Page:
In today’s gospel lesson, Jesus is not criticizing those who try faithfully to keep the Law. In the Gospel of Matthew, Jesus speaks of the Torah as good and God-given. Here he is speaking about those who forget what really mattered in it: loving God and loving your neighbor. He is speaking about the big things: justice and mercy and faithfulness. He is speaking to the experts, the ones who were so good at telling other people what they should be doing. And he is speaking to those who work really hard at keeping the letter of the law while forgetting about the spirit of the law.
Tom Wright, a Biblical commentator, wrote that “Generations of preachers have used this passage to criticize church leaders who like dressing up and being seen in public. That’s fair enough.”
But this is about more than fancy clothes and good seats. Jesus criticized the Pharisees because they didn’t practice what they preached; their lives did not reflect the law that they continually debated; they didn’t live out what they taught. While Jesus’ rebuke seems general, as though all scribes and Pharisees were guilty of love of place and honor, we know the rabbis themselves condemned such behavior. We know that leaders of every generation – second temple Judaism, the early church, the church through the ages, and the church today – have not lived out their vocations in congruence with the values of the gospel. So the real audience is not the Pharisees, but the disciples and, by extension, us; Jesus is talking to his church and especially to its leaders.
Remember who it is that is speaking in our gospel lesson. It is Christ Jesus, who, as we read in Philippians, “emptied himself, taking the form of a slave, being born in human likeness.” Remember also, that Jesus is in Jerusalem. It is
Tuesday, the Tuesday following the triumphal entry. He has returned to the Temple after casting out the animal buyers and sellers and overturning the tables of the money changers. He must have known that his time was short, that confrontation was ahead. He has just a little time left to teach his disciples, to help them to practice what they will preach.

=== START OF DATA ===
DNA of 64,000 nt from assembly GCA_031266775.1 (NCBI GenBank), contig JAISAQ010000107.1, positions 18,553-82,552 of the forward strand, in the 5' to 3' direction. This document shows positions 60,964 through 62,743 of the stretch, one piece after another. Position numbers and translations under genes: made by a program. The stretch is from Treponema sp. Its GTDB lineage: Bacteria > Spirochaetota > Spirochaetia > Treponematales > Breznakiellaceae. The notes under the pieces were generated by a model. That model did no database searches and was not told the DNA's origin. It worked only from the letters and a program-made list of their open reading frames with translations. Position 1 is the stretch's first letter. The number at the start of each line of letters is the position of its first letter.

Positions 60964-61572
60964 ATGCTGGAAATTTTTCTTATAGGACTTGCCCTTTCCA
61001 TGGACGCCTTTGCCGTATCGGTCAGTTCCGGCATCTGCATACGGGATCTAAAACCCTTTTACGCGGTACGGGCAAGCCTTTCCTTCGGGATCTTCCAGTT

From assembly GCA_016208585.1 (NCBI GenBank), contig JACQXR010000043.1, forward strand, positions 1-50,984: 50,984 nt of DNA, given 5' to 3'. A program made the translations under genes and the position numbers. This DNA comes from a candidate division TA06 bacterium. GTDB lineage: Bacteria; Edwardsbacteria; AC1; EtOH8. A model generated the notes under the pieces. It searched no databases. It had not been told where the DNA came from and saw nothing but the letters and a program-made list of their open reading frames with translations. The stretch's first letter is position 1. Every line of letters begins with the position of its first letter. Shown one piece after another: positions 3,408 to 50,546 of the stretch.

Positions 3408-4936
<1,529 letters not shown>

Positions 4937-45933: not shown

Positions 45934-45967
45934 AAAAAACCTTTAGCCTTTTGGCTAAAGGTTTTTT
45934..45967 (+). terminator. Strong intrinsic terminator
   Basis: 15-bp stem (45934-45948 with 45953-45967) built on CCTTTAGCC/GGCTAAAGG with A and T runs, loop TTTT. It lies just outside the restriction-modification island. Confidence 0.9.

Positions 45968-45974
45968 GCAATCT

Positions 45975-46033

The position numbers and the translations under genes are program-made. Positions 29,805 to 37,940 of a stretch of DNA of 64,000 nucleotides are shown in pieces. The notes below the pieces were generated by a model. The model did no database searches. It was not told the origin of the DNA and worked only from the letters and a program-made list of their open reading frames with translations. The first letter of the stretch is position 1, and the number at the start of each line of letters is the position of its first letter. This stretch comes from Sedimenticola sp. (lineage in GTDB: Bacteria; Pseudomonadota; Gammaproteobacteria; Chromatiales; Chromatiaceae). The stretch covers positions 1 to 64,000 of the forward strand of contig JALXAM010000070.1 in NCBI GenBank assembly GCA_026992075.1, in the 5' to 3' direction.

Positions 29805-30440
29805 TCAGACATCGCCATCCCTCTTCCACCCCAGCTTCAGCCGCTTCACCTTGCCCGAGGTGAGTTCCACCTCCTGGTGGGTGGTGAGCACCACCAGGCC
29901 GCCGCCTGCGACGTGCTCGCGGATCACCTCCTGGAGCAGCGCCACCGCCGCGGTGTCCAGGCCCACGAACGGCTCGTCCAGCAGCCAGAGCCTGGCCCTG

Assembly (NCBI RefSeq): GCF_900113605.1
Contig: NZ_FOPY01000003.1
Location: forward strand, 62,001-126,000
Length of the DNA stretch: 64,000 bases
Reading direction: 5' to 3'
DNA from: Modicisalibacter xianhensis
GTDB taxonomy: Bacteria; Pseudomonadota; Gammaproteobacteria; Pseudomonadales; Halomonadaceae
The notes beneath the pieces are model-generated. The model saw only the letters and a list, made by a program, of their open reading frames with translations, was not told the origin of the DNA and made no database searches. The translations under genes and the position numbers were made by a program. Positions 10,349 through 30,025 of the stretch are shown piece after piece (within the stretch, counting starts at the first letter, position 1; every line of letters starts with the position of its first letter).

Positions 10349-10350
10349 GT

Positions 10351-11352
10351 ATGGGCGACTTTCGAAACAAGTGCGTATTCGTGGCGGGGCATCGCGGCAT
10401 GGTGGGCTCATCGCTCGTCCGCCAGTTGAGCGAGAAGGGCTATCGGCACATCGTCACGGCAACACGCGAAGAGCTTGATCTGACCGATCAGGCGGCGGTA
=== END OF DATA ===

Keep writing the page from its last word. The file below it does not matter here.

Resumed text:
Kathleen Norris, in her book, The Cloister Walk, writes of the congruence between monastic practice and the discipline of writing. After giving a poetry reading to a community of Trappists, she writes:
“I told the monks that I had come to see both writing and monasticism as vocations that require periods of apprenticeship and formation. Prodigies are common in mathematics, but extremely rare in literature, and, I add, ‘As far as I know, there are no prodigies in monastic life.’”
We know, from our life in the Christian community, that this is true, not just for monastics or writers, but for all of us. There are no prodigies in the Christian life; all of us are apprentices; all of us are in need of conversion; all of us require formation. That’s why we come together, week by week, to be nourished by word and sacrament. That’s why we have preaching and teaching. That’s why we gather together as a community of faith. We are not prodigies, we are fellow travelers on the journey of faith. We are here to help each other, for we all journey together.
-- The Rev. Mary K. Morrison is pastoral associate at St. Luke's Episcopal Church in Los Gatos, California. E-mail: firstname.lastname@example.org. – UPDATE: That information is no longer correct; since August, she has been Rector of St. James’ Episcopal Church in Paso Robles, California -- that's my parish.